Gary Neville shuts down Dave Jones to defend Man Utd fans’ right to protest peacefully & calls for reform and regulation

MANCHESTER UNITED legend Gary Neville shut down Sky Sports host Dave Jones for interrupting his response to the protests at Old Trafford.

The Red Devils icon was defending the club's supporters after a large group broke into Old Trafford, causing the Premier League clash with Liverpool to be postponed.

United fans were protesting owners the Glazers, with the broadcaster scrambling to fill time from the proposed kick-off time of 4:30 until the game was called an hour later.

And Neville lost his patience with presenter Jones when he was in the middle of a passionate defence on the supporters protesting.


Nev said: "I've never thought they were brilliant owners but I've also seen in football that there are worse owners than the Glazers family.

"However, I think all football fans should unite today behind what United fans have done because what they [the Glazers] did two weeks ago was dangerous for English football.

"We must not forget that. They tried to walk away and create a closed-shop league that would have created a famine in this country for every other football club…"

As Neville gathered a head of steam and looked to continue, Sky Sports anchor Jones jumped in to clarify the former defender's argument.

He interjected: "Gary, what are you saying here? Are you saying that all fans should try and get matches called off?"

But former Valencia coach Neville was clearly unimpressed as he immediately hit back with: "Dave, let me finish.

"Dave, this is not a time to interject and start that."

I think all football fans should unite today behind what United fans have done because what they [the Gazers] did two weeks ago was dangerous for English football

Neville was then given the opportunity to continue his rant as he slammed the Glazers as well as Liverpool owners FSG for their involvement in the European Super League.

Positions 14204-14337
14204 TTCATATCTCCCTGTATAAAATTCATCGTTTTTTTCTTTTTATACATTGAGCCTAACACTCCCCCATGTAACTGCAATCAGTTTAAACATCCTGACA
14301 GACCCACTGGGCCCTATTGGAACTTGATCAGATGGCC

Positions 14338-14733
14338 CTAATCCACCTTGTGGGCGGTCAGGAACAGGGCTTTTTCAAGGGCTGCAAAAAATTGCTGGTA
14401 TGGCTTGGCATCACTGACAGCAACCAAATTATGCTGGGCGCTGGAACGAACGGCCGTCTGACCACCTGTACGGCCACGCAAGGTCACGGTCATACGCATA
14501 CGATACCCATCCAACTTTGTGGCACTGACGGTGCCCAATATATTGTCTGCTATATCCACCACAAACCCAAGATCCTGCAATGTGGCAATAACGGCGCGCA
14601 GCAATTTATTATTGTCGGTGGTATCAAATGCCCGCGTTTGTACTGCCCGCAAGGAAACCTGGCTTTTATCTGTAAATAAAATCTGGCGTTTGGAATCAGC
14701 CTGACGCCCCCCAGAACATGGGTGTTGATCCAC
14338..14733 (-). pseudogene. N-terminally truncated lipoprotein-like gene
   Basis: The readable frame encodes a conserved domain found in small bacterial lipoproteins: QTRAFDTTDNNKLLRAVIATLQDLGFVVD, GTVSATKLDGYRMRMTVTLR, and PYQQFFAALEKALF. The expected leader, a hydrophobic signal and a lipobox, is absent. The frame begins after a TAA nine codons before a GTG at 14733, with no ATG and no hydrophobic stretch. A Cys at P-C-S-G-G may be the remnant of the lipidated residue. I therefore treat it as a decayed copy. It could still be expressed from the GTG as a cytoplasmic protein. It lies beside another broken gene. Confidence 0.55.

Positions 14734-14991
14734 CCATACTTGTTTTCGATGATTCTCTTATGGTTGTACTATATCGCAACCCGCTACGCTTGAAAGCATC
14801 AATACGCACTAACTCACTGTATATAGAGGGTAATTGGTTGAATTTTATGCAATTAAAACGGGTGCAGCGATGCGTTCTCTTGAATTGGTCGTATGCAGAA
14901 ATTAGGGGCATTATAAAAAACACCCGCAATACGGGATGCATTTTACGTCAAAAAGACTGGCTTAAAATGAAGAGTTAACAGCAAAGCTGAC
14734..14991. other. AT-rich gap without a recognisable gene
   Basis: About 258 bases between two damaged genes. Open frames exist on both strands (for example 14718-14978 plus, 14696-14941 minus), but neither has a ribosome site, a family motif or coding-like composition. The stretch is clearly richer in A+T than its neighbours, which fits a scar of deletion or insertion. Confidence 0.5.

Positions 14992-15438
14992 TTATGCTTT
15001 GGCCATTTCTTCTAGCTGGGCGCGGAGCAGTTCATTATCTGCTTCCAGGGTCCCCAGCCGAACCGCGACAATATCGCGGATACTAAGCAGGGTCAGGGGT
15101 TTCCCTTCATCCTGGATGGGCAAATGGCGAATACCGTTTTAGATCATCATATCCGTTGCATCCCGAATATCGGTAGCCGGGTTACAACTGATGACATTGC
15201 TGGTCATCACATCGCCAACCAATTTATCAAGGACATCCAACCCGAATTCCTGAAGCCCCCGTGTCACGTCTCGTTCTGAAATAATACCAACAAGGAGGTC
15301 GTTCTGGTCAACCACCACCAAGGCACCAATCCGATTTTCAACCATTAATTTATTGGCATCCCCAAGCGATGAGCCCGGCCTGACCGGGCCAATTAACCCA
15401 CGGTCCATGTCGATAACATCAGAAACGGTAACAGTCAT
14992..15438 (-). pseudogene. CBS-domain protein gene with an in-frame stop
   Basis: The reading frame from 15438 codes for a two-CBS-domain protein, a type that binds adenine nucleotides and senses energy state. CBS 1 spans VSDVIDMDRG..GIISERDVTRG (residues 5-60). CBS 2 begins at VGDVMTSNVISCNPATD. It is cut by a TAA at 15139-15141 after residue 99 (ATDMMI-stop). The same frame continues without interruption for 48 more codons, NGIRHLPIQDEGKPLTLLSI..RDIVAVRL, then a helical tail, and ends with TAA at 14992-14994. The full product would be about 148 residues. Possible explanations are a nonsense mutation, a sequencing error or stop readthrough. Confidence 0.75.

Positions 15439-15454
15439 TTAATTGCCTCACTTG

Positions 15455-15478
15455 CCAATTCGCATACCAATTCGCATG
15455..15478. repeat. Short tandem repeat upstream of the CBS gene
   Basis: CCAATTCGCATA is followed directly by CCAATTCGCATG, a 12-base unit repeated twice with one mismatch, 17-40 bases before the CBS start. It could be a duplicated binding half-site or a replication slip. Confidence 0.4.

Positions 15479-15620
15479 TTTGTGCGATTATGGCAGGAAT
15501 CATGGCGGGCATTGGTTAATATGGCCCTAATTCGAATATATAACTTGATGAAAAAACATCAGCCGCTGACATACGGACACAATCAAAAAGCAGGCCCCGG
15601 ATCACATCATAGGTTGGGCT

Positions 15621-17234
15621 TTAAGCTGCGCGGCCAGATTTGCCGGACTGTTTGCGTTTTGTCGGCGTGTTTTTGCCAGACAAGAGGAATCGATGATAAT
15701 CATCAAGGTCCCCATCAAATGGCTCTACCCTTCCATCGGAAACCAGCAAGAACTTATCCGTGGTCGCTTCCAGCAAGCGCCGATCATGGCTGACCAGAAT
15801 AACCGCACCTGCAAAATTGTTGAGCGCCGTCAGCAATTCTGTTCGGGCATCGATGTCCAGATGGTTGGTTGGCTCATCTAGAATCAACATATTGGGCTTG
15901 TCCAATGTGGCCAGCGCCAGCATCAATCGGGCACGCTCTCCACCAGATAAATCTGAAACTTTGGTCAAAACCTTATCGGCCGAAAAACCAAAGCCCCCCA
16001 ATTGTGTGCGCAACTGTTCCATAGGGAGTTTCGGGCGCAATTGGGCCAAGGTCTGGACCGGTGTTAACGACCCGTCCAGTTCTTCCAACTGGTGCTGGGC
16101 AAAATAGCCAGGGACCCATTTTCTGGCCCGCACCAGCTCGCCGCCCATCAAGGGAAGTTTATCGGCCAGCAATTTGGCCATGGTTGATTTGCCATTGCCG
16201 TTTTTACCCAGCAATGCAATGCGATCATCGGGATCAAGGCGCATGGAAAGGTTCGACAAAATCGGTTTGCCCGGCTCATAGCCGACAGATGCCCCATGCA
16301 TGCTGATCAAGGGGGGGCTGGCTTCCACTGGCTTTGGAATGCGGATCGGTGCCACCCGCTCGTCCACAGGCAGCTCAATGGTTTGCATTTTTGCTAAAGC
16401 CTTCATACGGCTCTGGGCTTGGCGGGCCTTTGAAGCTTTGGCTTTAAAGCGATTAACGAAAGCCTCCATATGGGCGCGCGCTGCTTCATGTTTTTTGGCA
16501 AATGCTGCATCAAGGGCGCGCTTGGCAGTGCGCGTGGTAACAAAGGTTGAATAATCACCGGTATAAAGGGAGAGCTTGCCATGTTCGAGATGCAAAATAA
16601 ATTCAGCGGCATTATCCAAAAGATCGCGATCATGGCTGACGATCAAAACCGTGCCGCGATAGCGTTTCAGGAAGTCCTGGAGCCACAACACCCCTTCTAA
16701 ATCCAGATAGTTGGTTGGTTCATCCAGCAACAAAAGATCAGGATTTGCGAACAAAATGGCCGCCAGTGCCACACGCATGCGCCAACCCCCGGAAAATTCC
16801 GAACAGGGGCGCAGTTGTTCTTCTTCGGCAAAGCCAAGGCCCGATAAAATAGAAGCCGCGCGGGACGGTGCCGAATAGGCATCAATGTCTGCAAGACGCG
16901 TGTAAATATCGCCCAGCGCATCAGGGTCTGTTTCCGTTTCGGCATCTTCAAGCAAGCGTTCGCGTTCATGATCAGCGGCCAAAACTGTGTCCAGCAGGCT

He added: "They tried to create a famine two weeks ago in English football, in Dutch football, in German football, in French football, all over Europe.

"Those 15 clubs would have walked away from their leagues with their money and basically destroyed the ethos of the pyramid of relegation and promotion in English football, so that's number one. It's unforgivable what they did as a family two weeks ago.

"I get Graeme's point around them paying themselves dividends. We could go around the chippy tomorrow, make a bid, they could sell it, we own a chippy and the local public might not be happy with the new chips they're getting, I get that principle of a free market.

"However, the Glazer family two weeks ago tried to implement something that would have damaged every single community in this country that has football at the heart of it.

"That's why they're dangerous – [Real Madrid owner Florentino] Perez is dangerous, [Barcelona president Joan] Laporta, [Juventus chairman Andrea] Agnelli are all dangerous to the concept of equal opportunity and fair play.

"Today there is anger, I would hope tomorrow it switches to mobilisation and reform, regulation and behind a fan-led review."

He added: "I might be a bit naive here but when I spoke two weeks ago about these football clubs, Manchester United and Liverpool, they should act like the Grandfather of English football, demonstrating compassion, spreading their wealth through the family, their experience and being fair.

"They haven't done, they've demonstrated self-greed and tried to walk away with all the money themselves and left their family struggling below.

"That is not what you do at this football club or at Liverpool Football Club, so whether the Glazer family has been good or bad, what happened two weeks ago is not acceptable and an apology is not good enough.

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"Joel Glazer saying he wants to rebuild the trust with the fans of this club, he never had the trust, he's never spoken to them, he's never said a word.

"Today, we can be angry, the game may not go ahead, they've protested peacefully and we have to accept that you're allowed to protest in this country and it's every person's right.

"But tomorrow is about form and regulation because there are six or seven people within English football that have it under their control and that control has to be taken away from them."

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